Where we dived in Europe:

 

There are other salt water places we have dived. Pete has been diving with Dave, his son, in England - on the wreck of the "Countess of Erne" in Portland harbor.
We went diving with Breakwater Diving Center.
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Pete Has also dived with his daughter, Sarah, with the Lizard Divers in Cornwall. They did a great job of looking after us.
We dived in Cadgwith Cove and on the wreck of the "Belucia".

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Pete and Lauri have also dived in the Mediterranean sea. This was from the beautiful Spanish island of Mallorca. We stayed at Puerto Pollenca and dived with Scuba Mallorca. Diving was a lot of fun. Water temperature was 64 F in May. Our favorite dive was "Jeronimo" where we surfaced inside a cavern. It's amazing to see the stalactites with only light coming in via the underwater entrance. The pictures below show the Octopus on a dive called "Tunnels of Love", and one of many Jellyfish on a dive called "Swiss Cheese". There were hundreds of jellyfish there, but nobody got stung. If you ever go to Mallorca I would recommend a dive with them. Their boat is "Miss Connie" - an interesting story in itself - see below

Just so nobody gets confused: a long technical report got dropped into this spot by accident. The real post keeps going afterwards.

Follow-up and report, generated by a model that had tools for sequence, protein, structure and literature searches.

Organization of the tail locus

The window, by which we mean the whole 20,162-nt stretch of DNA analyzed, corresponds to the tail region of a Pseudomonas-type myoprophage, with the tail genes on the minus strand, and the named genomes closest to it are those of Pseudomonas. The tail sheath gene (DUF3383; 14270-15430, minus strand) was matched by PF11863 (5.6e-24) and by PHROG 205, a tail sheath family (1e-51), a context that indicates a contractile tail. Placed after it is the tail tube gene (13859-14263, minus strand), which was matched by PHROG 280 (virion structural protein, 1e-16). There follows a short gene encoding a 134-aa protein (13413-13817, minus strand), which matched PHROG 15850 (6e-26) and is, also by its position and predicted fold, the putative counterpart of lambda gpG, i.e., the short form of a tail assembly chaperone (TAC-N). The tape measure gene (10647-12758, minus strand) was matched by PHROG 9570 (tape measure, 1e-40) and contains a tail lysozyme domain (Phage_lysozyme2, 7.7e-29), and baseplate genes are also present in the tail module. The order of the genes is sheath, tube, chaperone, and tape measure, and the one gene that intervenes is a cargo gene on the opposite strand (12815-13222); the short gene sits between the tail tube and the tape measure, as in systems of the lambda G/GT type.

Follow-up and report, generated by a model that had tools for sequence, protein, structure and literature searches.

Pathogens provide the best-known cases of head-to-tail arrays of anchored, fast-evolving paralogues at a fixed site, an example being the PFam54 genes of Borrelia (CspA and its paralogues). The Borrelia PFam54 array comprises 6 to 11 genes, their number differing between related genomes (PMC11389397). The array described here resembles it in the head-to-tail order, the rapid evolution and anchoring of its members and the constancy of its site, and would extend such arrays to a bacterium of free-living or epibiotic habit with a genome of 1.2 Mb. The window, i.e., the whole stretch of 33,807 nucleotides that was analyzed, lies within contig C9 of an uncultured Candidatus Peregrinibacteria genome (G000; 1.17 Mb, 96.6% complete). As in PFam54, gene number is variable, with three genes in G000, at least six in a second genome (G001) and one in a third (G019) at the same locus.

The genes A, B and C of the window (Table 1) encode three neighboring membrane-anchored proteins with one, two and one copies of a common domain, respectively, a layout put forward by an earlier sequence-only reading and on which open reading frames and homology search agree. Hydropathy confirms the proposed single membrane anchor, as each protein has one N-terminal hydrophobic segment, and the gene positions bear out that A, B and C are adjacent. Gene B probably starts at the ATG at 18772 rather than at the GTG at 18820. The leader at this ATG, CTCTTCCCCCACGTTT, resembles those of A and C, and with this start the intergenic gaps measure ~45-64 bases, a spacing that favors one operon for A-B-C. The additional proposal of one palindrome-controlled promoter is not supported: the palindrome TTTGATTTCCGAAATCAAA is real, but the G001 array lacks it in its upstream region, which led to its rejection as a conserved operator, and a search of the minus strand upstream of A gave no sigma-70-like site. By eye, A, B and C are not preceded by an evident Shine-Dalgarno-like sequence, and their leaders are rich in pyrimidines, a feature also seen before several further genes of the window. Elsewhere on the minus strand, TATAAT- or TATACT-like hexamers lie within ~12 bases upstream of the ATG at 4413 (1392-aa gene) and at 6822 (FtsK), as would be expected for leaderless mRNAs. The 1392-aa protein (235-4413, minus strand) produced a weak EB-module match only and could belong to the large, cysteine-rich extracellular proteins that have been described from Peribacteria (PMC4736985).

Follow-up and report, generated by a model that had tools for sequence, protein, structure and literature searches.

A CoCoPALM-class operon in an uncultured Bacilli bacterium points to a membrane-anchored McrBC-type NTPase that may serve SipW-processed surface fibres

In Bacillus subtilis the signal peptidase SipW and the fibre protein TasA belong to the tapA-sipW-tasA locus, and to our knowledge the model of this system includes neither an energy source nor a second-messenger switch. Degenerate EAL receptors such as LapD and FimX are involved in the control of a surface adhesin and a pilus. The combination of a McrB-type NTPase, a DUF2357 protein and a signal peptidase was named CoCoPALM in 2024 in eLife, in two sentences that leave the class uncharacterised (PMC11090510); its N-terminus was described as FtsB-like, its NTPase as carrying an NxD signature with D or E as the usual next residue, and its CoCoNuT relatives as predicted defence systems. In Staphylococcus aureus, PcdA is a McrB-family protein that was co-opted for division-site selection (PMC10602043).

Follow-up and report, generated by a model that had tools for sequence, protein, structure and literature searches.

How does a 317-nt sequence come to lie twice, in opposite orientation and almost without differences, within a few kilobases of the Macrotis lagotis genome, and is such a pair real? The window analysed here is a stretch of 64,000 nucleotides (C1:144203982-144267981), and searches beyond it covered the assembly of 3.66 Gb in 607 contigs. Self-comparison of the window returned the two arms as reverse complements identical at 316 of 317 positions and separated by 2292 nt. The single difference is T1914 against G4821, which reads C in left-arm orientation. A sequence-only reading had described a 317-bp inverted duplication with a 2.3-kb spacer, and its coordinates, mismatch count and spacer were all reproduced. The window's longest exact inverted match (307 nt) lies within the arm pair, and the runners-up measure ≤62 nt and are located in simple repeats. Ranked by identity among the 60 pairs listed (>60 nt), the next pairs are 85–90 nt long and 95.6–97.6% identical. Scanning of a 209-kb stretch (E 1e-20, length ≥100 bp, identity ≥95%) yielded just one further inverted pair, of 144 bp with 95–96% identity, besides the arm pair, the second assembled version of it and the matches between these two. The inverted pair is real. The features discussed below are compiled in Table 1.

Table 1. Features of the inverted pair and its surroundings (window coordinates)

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Puerto Pollenca Scuba Mallorca "Miss Connie" Jellyfish Octopus

 

 

  The story of Miss Connie:

 

 

Connie, a Canadian. worked in the city of London and spent her weekends at her house in Mallorca.. Majorca (spelt Mallorca but pronounced My-yorka) is the major island in the Balearics. It is very accessible and, placed as it is in the center of the western Mediterranean, ideal for weekenders who can afford the air-ticket every week.

Most of us are more likely to consider it as a once-a-year holiday destination, but there is no denying that the two-hour flying time from London is very attractive, especially when you consider that most diving destinations are long-haul.

Connie liked to dive in Majorca, but when her local dive instructor's boat sank, it looked as if she would be out of luck. In those days, dive centers were few and far between.

She solved the problem by buying the instructor a boat. It was a magnificently generous gesture. The boat was named Miss Connie.

Far away in Canada, the Spanish fishing fleet fell foul of the Canadian Navy when it tried to operate in protected waters. It was driven away. The Spanish government retaliated, but as it had little trade with that country, the best it could do was insist that any Canadian citizens entering Spain had a valid visa, issued by the Spanish embassy in Canada.

No big deal for most Canadians, but it really screwed up Connie's arrangements. There was no way she could travel each weekend to Majorca via Canada, so she ended up selling her home there and making other plans. The boat was later sold, and after changing owners a couple of times ended up being operated by a new diving center set up by two Brits and a Texan in Puerto Pollensa, a favorite resort of the British in the far north of the island. The outfit is called Scuba-Mallorca.